i. However, it may be argued that microfinance, at present, is being provided by multiple non-profit entities that are not within the regulatory ambit of the RBI. Recognising this, we propose that microfinance regulation must cover at least all existing forms of entities regulated by the RBI, i.e. Banks and NBFCs
ii. The microfinance operations of such entities, be in micro-credit, micro-savings, distribution of micro-insurance etc., must be reported separately as an SBU to the RBI, to permit efficient information dissemination, transparency and effective regulation
iii. For entities outside RBI’s regulatory ambit, regulation could make the principals (in case of business correspondents) and lenders (in case of microcredit) to the providers aware of the importance adherence to client protection standards by the providers. These principals and lenders should be actively encouraged to broaden their due diligence and monitoring processes to ensure that the providers are not just maintaining financial discipline but also adhering to ethical standards of client protection.RBI must also actively use such measures to enforce covenants on entities not regulated by RBI to create a level playing field and uniform standards.
a. If entities were forced to concentrate over 90% of their assets in the microfinance sector, lack of diversification within their asset portfolios could emerge as a significant systemic risk.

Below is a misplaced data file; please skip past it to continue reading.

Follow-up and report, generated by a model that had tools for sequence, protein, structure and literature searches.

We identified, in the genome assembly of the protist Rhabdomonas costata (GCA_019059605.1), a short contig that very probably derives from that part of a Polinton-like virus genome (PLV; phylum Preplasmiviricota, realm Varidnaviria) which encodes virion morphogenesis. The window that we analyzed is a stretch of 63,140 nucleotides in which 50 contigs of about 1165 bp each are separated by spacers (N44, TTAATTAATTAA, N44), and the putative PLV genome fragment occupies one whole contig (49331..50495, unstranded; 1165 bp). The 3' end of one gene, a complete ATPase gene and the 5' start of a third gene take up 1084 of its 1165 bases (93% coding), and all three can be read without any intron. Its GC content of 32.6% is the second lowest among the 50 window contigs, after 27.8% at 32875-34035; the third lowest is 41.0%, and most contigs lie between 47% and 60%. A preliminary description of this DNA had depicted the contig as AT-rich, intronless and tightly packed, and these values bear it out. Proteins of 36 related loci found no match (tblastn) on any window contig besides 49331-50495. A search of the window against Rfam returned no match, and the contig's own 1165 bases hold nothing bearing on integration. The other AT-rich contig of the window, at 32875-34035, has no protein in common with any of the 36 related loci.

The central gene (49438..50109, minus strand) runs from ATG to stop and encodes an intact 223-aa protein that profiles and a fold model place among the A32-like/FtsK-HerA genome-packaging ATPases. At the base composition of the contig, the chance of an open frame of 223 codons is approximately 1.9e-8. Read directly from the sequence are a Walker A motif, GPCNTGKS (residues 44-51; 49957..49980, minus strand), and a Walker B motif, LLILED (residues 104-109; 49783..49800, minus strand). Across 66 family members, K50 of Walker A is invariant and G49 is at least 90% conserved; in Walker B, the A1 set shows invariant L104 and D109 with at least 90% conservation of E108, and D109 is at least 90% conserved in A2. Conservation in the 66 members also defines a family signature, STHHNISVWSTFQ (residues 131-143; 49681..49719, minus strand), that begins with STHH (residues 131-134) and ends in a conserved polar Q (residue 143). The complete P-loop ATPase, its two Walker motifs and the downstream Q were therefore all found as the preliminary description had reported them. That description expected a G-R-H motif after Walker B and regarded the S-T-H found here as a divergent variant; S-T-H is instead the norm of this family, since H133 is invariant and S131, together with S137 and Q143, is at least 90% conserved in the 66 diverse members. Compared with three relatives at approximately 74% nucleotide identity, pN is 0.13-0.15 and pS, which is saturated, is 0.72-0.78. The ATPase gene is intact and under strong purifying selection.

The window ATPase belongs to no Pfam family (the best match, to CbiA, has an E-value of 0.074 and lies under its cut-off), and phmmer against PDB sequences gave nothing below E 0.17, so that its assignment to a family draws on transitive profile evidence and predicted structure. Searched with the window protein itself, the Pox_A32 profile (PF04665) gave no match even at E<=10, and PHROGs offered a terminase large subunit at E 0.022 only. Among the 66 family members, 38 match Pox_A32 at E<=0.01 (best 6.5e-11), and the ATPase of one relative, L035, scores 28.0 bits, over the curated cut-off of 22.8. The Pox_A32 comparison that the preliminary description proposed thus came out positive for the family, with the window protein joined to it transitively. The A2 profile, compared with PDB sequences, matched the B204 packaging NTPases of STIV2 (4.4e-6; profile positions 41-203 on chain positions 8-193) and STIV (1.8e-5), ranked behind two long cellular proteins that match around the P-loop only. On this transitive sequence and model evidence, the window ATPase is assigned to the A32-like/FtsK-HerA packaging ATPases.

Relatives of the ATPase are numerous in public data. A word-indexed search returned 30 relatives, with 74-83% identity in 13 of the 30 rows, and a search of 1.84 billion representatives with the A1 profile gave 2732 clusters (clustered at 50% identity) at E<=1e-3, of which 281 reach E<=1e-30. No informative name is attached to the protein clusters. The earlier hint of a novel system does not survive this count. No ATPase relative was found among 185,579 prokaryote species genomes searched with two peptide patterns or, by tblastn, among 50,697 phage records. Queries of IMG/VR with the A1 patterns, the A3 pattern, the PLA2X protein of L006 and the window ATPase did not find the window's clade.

b. In India, portfolio protection for institutions providing services to low income rural households against the vagaries of systemic and catastrophic losses, i.e. rainfall reduction, weather variations, crop losses, floods and other events etc. are still not available on a large scale
5. Hence, we recommend that the definition of microfinance be applied at a functional level, rather than at the entity level. This would imply that entities providing microfinance would be required to create separate business units, tailor internal policies to provide efficient service delivery and at the same time be able to leverage internal financial, technology and process strengths in this regard.
6. Ensuring complete access to finance for every individual and every enterprise in India will require continuous innovations in financial products, delivery channels, and human resource management by a wide array of strong firms competing with each other to do business with the low-income household in a responsible manner. By opening up the sector to multiple institutions will enhance competition and meet the regulator’s objectives
Capital adequacy requirement
7. The committee has not offered any rationale for the Rs. 15 crore minimum capital requirements even for pure non-deposit taking NBFCs despite recommending very conservative loan limits and being aware of the very low default rates that have been observed for this sector in India for over a decade.
8. Such a requirement clearly favours the established large microfinance providers, which making it even more difficult for smaller, locally focused entities to emerge.
The issue of “Qualifying Assets”
9. The Committee has defined a low income household as one with annual household income less than Rs 50,000
10. IFMR Trust’s experience is that though a large number of microfinance clients belong to households with less than Rs. 50,000 annual household income, there are also a very large number of households with higher incomes who can and do benefit from microfinance mechanisms.
a) This happens mainly because of limitations of the credit appraisal methods of traditional financial providers. Many rural and urban low income households cannot access credit through these mechanisms – their assets cannot be easily collateralised; their incomes are hard to estimate; and their past repayment records are not recorded in accessible databases.